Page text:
What’s On the Lunch Menu?

You know you’re in Korea when you’re eating fried roots of water lilies instead of french fries for school lunch. Fried water lily roots are among many of the side dishes I eat for lunch on a daily basis at school.

Fried Water Lily Root

In over a year that I have lived in Korea there has not been one day when the lunch menu is the same.  Yes, there is always kimchi and rice.  Basically, lunch consists of rice, soup, meat, vegetables and several other side dishes.  Not once has the combination of food been the same and there are still days where I have to ask my co-teacher what something is.  Usually the answer is some sort of mushroom, root, seafood, or vegetable, but it is never “mystery meat.” Not once have I been served pizza or french fries and not once have I ever been sick from a school lunch here.  I also pay less than $2 USD a day for this lunch.   School lunch is a huge part of Korean culture that I have neglected to write about until now.

After reading a NY Times article about school lunch reform in the US, I was shocked (well not that shocked) to learn that currently a can of tomato paste on pizza is considered one serving of vegetables in the US public schools lunch program.   You can read the article here : http://www.nytimes.com/2011/11/02/us/school-lunch-proposals-set-off-a-dispute.html?pagewanted=all I would say it’s about time for a complete reform on America’s lunch program.  If most calories students consume are from school lunch and a third of children in America are obese, then these schools need to step up, take responsibility, and start serving better lunches.  If public schools in Seoul are able to serve freshly cooked food everyday to a huge population of students  (much greater than in New York City for example), and at no cost to the students, there are other ways of preparing fresh food for schools without breaking the bank and we need to explore these options.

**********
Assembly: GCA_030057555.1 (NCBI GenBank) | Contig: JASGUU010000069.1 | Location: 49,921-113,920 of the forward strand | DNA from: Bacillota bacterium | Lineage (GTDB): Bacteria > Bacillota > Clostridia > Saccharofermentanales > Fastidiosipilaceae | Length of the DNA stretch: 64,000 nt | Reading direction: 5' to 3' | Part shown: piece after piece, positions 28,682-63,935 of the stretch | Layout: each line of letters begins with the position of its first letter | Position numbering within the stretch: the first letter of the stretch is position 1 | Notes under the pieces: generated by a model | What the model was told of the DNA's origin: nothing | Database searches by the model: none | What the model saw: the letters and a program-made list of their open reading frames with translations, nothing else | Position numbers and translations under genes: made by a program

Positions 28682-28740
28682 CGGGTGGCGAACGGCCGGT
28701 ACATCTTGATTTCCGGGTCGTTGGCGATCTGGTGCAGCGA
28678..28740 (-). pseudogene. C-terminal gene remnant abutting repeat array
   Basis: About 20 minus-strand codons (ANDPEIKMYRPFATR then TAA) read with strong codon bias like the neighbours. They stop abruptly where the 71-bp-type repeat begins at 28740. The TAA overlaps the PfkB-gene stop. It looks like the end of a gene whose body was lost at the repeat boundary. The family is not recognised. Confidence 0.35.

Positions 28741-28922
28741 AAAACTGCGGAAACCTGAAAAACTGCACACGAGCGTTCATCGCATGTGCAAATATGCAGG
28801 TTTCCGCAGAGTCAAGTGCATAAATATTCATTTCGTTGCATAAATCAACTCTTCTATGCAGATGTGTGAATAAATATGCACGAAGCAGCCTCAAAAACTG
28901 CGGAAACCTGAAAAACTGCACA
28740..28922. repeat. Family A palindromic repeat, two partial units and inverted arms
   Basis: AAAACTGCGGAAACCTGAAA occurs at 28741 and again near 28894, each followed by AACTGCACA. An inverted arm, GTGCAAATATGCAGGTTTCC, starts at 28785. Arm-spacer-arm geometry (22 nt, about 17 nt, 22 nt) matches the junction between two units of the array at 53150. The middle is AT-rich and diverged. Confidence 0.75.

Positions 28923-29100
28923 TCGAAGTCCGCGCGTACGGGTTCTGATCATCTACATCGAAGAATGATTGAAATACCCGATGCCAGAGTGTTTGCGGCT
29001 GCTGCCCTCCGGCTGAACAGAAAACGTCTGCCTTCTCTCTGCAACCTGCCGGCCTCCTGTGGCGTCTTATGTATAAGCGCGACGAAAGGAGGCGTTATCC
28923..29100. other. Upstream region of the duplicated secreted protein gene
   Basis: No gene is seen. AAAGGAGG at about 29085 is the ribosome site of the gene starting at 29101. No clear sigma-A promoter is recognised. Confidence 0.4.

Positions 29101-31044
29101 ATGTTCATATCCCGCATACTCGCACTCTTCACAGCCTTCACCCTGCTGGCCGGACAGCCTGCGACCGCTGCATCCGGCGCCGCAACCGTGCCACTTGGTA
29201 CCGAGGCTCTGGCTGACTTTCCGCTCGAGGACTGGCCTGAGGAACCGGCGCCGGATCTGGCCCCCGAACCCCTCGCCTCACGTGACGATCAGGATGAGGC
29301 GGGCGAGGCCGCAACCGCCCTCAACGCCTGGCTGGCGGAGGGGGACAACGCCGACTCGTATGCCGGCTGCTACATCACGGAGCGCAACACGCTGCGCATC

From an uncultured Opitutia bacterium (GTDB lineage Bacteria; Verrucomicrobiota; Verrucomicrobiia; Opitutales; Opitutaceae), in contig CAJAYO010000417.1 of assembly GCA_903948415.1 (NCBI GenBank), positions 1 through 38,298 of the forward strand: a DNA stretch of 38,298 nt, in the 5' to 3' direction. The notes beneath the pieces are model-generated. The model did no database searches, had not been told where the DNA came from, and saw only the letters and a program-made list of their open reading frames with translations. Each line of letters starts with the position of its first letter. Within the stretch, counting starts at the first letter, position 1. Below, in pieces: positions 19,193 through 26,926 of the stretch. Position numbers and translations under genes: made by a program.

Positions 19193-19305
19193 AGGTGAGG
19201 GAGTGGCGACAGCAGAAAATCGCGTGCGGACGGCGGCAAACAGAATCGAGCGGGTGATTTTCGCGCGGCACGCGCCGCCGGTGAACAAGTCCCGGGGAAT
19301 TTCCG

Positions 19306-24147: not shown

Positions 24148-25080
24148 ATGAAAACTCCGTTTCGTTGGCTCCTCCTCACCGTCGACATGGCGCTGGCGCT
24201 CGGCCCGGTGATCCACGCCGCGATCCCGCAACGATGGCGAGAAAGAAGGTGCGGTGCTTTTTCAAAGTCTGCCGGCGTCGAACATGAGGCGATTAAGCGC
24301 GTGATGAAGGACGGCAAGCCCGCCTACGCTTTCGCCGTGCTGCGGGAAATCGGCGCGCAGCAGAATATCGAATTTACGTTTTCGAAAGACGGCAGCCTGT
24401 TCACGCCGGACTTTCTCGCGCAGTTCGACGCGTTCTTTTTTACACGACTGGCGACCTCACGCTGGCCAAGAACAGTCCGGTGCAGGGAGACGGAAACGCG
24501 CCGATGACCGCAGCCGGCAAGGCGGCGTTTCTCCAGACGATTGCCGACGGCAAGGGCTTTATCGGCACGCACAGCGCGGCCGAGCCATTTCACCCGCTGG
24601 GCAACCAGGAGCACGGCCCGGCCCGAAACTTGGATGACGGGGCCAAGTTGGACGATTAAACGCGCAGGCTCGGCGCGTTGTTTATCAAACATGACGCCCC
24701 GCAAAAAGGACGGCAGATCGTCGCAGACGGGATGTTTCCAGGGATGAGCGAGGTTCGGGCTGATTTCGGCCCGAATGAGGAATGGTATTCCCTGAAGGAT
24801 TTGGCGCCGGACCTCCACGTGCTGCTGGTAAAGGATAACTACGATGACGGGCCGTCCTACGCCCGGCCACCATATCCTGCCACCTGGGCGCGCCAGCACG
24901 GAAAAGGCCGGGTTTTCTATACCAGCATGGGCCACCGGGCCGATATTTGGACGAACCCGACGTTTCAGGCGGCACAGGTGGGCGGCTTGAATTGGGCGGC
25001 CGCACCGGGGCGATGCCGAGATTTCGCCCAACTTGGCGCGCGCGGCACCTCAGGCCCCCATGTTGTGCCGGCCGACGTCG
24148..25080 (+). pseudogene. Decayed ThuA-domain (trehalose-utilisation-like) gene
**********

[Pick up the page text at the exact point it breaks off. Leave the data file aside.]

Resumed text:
At the beginning of last year I read this article that ranked school lunches around the world.  Korea ranks number 2 next to Japan. Here’s the link: http://todayilearned.co.uk/2011/04/20/what-kids-of-the-world-eat-at-school/

In the pictures you will see what a typical lunch looks like that I eat everyday.  Today I ate rice, spicy egg soup, kimchi, fried tofu, fried water lily roots, dried seaweed, and fresh cabbage picked straight from the schools’ garden.  Everything is freshly cooked and prepared that morning and there is rarely much that goes to waste since in Korean culture it is frowned upon to leave food on your plate.  (I’ve learned that if I know I don’t like something not to take too much~)  The food is served in stainless steel trays and eaten with silverware.  (Don’t even get me started on the styrofoam trays used in the US). I know it’s impossible for America to be like any other country and adopt their traditional foods but can we at least get some veggies on the school menu? And I’m talking more than a salad bar with iceberg lettuce!

P.S. This is my 100th blog post! Woohoo!

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3 responses

  1. Perhaps you can lead a lunch reform crusade in the U.S. In New Haven, CT, it’s difficult to get any vegetation other than lettuce, tomato or salsa.

  2. Hi Jen,

    Interesting …. I would like to try some water lily roots, bet they are pretty crunchy!! I am a little behind in reading your updates so stay tuned for more comments from me on some previous posts.

    Congratulations on your 100th post!!

    Aunt Diane

  3. You would have to do away with unions,regulations,and high fat treats, to get a good lunch in the USA. Imagine tomato sauce as a vegetable – too much! I do like the stainless steel trays and silverware. It certainly is more environmentally responsible. I also like the Korean way of not wasting food. Good insights!! Mary Ann

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